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Interior vs. Exterior Paint: Can You Use Interior Paint Outside?

Are you wondering if you can use leftover interior paint on an exterior surface?

Or maybe you have a surplus of exterior paint and are curious whether it’s safe to use indoors?

In this comparison of interior vs. exterior paint, you’ll learn:

  • The key differences between interior and exterior paint
  • The risks of using interior paint outside and exterior paint inside
  • And what to do if you already used the wrong paint type.

By the end, you’ll have all the knowledge needed to decide whether to use the paint you have or pick up an alternative option.


Use the links below to navigate:


Interior Paint: A Quick Overview

Interior paint is designed to withstand pets, furniture, vacuums, and everything else that rubs against it on a daily basis. It counters staining, resists fading and yellowing, and can be wiped and scrubbed when it gets dirty.

It’s usually water-based (also referred to as latex) rather than oil-based, and made up of four basic compounds: pigments, solvents, additives, and resins.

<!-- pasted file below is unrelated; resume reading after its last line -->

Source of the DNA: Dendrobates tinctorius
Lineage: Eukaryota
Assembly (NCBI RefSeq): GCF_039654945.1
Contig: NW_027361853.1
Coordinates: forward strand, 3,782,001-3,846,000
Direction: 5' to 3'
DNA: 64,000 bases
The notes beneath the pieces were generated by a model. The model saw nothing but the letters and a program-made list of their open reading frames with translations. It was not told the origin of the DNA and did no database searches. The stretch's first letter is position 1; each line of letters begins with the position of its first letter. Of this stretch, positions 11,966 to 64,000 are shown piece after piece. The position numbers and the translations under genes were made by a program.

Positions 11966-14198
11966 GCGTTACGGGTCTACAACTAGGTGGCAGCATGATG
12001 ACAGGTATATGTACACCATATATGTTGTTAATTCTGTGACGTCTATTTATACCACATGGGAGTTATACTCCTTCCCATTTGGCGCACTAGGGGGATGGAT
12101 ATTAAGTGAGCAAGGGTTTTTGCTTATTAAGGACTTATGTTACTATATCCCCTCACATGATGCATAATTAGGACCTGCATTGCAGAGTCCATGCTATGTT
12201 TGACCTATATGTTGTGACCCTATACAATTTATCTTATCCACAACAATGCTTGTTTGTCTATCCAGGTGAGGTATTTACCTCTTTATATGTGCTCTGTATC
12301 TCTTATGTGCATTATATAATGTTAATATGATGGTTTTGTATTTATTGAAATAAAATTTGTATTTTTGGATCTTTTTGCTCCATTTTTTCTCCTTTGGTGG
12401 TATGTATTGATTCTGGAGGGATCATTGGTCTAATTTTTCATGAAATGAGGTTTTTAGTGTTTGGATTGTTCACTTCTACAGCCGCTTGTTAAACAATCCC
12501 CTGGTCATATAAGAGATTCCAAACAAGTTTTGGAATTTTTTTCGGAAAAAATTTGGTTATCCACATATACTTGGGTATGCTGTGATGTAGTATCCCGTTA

Compared to exterior paint, interior paint uses more rigid resins, which leads to easier cleanup and stain resistance. 

It also contains specific additives to reduce drying time and distribute pigment evenly. 

Unlike exterior paint, interior paint doesn’t have weather-proofing additives.

Another key characteristic of interior paint is that it produces less odor due to a smaller amount of VOCs (volatile organic compounds) than exterior paint.

What are VOCs?

VOCs are chemical gases that release into the air as the paint dries. 

Have you ever got a headache or dizziness after being near paint for long periods? That’s a result of extended exposure to VOCs. 

Since interior paint is designed for indoor use where the air circulation is limited, most have low VOCs, and you can even find no-VOC interior paint.

Exterior Paint: A Quick Overview

In the past, most exterior paints were oil-based because it provided a more durable finish. But, thanks to advances in technology, the trend has switched. Now, most exterior paint is water-based with acrylic resins to aid in binding.

The most significant difference between interior paint and exterior paint is that exterior paint has more additives to withstand the outdoor elements.

Exterior paint has to be able to resist moisture from rain, snow, and wind. It needs to tolerate both temperature drops and quick increases and maintain its color hue even after hours in the sun.